Webinar Summary – The Contested World Economy: The Deep and Global Roots of International Political Economy

Photo by Anthony Delanoix via Unsplash.

By Mridhu Khanna

On November 9, 2023, the Boston University Global Development Policy Center (GDP Center) hosted Eric Helleiner, Professor of Political Science at the University of Waterloo, for the final installment of the Fall 2023 Global Economic Governance Initiative Book Talk Series. Helleiner spoke to the Boston University community about his latest book, The Contested World Economy: The Deep and Global Roots of International Political Economy, which provides readers with an expanded view of the international political economy (IPE) discipline and how these broader perspectives can inform contemporary challenges faced by the international community.

Helleiner began the conversation, moderated by GDP Center Director Kevin P. Gallagher, by taking a step back to share why he chose to dive into the project. As a professor, Helleiner explained that he was often searching for a resource for students to expand their learning beyond the post-1945 Western scholars and theories of IPE, but in finding none, he began exploring thinkers from around the globe and further back in history who developed independent theories and adapted popular theories to be more regionally relevant.

Neomercantilism, Marxism and liberalism have been the most popular theories of IPE following the Bretton Wood Conference in 1944, with scholars like Adam Smith and Karl Marx dominating the literature. Helleiner explained that he faced two frustrations in the saturation of these theories of IPE. First, there was a misconception that the Western writers were the only ones writing about IPE and second, that the disciple was limited to a “three-way debate.” He explained that this debate was not a representation of all perspectives; many others, including environmental, feminist and tributary theory, were present and provide unique perspectives to modern debates around development, climate and sustainability.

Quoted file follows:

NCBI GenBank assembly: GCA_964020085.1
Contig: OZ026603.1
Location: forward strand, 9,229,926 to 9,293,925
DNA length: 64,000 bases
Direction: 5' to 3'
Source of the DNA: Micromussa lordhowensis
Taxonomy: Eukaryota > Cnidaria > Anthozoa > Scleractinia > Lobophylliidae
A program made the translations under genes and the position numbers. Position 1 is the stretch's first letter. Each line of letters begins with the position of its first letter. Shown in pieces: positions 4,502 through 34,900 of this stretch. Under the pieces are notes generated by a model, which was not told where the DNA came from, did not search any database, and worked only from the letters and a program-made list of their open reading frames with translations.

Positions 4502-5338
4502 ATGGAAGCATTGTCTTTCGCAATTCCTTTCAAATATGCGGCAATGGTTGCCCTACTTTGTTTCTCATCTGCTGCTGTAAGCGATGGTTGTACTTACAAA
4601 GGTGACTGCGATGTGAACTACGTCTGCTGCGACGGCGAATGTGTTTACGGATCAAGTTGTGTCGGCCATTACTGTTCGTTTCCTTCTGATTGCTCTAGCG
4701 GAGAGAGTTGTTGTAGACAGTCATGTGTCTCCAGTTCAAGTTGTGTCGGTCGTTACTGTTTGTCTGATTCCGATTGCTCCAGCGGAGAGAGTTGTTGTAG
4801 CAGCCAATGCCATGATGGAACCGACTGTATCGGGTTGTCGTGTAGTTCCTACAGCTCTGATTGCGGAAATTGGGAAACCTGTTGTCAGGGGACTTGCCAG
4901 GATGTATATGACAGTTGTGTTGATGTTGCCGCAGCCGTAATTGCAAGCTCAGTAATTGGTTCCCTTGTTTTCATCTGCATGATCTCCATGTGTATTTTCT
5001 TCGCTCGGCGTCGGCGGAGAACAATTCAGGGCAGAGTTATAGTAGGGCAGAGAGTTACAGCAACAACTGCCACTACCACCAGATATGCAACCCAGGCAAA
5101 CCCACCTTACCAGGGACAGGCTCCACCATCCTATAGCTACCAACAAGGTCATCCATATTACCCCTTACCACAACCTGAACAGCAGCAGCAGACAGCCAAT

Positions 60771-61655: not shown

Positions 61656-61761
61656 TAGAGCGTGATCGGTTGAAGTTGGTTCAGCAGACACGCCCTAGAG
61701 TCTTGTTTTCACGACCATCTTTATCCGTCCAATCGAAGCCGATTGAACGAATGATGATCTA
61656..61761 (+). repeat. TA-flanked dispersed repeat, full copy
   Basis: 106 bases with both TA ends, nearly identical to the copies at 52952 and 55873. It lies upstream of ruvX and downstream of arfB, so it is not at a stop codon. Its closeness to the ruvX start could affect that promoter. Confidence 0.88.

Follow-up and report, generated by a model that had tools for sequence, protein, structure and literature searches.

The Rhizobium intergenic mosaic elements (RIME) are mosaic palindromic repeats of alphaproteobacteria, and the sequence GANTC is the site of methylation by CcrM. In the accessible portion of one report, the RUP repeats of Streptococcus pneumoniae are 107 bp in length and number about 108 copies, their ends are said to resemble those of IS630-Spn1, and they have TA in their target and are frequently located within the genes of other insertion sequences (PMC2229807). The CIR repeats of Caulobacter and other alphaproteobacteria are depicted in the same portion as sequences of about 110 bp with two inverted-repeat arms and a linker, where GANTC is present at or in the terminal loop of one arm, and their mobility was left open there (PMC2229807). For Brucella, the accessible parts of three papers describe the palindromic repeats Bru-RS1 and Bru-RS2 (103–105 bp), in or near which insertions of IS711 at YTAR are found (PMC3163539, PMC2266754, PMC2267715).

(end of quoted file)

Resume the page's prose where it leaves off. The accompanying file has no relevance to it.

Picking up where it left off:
The first half of the book aims to highlight contributions to the three major theories from lesser-known scholars, whose contributions helped refine and enhance the theories, as well as make them more regionally relevant. Helleiner explained how Latin American scholars applied the free trade principles of liberalism differently between and within country borders, rather than across the board. In addition, some scholars outside of the West studying Lenin approached the analysis of imperialism by looking at the impact of imperialism, rather than just the cause, as many Western scholars were focused.

Helleiner also explained theories like those popularized in Europe and North America had been developed by thinkers in other parts of the world who not had contact with Western thinkers. Like liberal thinkers, Chinese scholars were advocating that free trade would generate mutual benefits and public goods and that contrary to popular beliefs, the Japanese neomercantilist camp had its own endogenous roots from 1830s thinkers. Notably, Sun Yat-sen, first provisional President of the Republic of China, first proposed the idea of a World Bank-like institution at the League of Nations well before the proposal received broader support at the Bretton Woods Conference in 1944.